Indiana University Breaks the Promise

Terri Miles

Editor’s note: The following was written as an open letter to Indiana University on behalf of a committee of the people who created and maintained the programming of the First Nations Educational and Cultural Center at Indiana University. They claim IU has created the same situation that Dartmouth did by turning over the FNECC to a pretendian and they hope IU will think better of the decision as Dartmouth did.

The First Nations Educational and Cultural Center (FNECC) has been a hard fought creation over the past 11 years with many Native American students and faculty putting in thousands of volunteer hours. Time and again we were told how important diversity is to IU, how impressive our programing and efforts have been, and that people were starting to understand the need for a place like FNECC to assist with recruitment and retention of Native students. All our efforts feel like a joke---that we’ve been punched in the gut---with the selection of the new director this past May.

Who whispered in your ear, “Hire Nicky, he’s our man”? More to the point, why didn’t you hire an American Indian to be director of FNECC? We are talking about the place meant to be the hub of Native activity on campus, the place where Natives can go to feel supported and receive guidance on navigating academia so they can leave IU with a degree in hand, the home away from home that will attract Native scholars and faculty and help non-natives understand our issues.

Why didn’t you hire a director who will be able to actively recruit Natives across the country, who has fresh ideas for programming, who has a measurable track record? There were better-qualified Native applicants who have done impressive work on recruitment and retention of Native American college students. Wasn’t that the point?

Let’s take a look at some of the applicants.

Beverly Smith, master’s degree in education counseling and doctoral candidate in higher education, assistant director of the Native American House at the University of Illinois at Urban-Champaign for several years. Proven success at recruiting and retaining Native students. Wow, she is doing exactly what we want someone to do here! Uh…what was wrong with her?

<Whispered: She’s Navajo.>

Okay, how about this guy?

Ryan Comfort, master’s degree in journalism/mass communication. Worked at the University of Wisconsin-Madison in recruiting, advising, retention and curriculum development in the School of Education, and worked as an academic advisor at the University of North Carolina. Again, right in our wheelhouse!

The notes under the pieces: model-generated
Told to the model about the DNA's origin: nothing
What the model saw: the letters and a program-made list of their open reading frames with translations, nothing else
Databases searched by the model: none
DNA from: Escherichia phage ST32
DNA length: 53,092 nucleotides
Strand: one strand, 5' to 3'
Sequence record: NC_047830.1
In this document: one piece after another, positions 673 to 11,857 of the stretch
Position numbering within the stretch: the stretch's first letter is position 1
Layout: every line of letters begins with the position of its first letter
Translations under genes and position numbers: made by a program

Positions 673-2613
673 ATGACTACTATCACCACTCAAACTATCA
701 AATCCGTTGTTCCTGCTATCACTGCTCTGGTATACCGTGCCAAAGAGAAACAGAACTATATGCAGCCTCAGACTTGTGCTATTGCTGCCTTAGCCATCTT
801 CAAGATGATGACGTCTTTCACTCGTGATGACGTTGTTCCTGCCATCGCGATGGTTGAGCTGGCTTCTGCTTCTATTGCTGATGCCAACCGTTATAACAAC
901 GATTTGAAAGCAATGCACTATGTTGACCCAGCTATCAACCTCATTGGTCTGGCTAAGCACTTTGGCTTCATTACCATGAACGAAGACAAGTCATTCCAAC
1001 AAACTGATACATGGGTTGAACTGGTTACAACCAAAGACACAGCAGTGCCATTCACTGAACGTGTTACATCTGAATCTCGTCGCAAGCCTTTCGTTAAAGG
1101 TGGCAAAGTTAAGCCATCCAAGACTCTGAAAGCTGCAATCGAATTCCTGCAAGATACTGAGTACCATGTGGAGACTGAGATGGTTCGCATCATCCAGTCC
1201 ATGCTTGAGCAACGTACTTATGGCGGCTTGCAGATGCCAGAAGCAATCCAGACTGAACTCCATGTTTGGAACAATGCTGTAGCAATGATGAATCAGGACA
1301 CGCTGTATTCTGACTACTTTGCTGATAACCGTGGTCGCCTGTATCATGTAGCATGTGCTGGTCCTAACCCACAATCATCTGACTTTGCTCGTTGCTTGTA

Only a master’s degree you say? The job posting said master’s degree; didn’t even mention Ph.D. It’s customary to have a master’s degree for the cultural centers. So what was wrong with him?

< Whispered: He’s Ojibwa.>

Not sold yet? All right, here’s a local, sort of.

Davina TwoBears, master’s degree from Northern Arizona University. Fourteen years as program manager of the Navajo Nation Archaeology Department. Doctoral candidate in anthropology at IU, DJ for the Native Spirit radio show at WFHB.

She dedicated many, many volunteer hours to programing at FNECC and Native community events. She did this in between raising three terrific children, hosting the radio show, and working on that Ph.D. she’s finishing up this year.

< Whispered: She’s Navajo… Dang, them Navajos are everywhere! >

But wait, there’s more!

Dr. Sean Gantt, master’s and Ph.D. in anthropology from the University of New Mexico, postdoc at IU, dissertation on cultural preservation---and somehow manages to operate a video production company on the side. He also volunteered his time on programming at FNECC and he’s a super cool dude. This is getting repetitive; so what was wrong with him?      

< Whispered: He’s a Choctaw descendant and that’s too close to Choctaw citizenship.>

And then the confus[ed]ing applicant who won the prize. If you wanted a Ph.D., why didn’t you advertise for one? The old bait and switch?

Dr. Nicholas Belle, master’s degree in anthropology and newly minted Ph.D. in anthropology from IU. His dissertation was on bustles. He likes powwows…a lot…beads better than your auntie. He volunteers for the IU Traditional Powwow.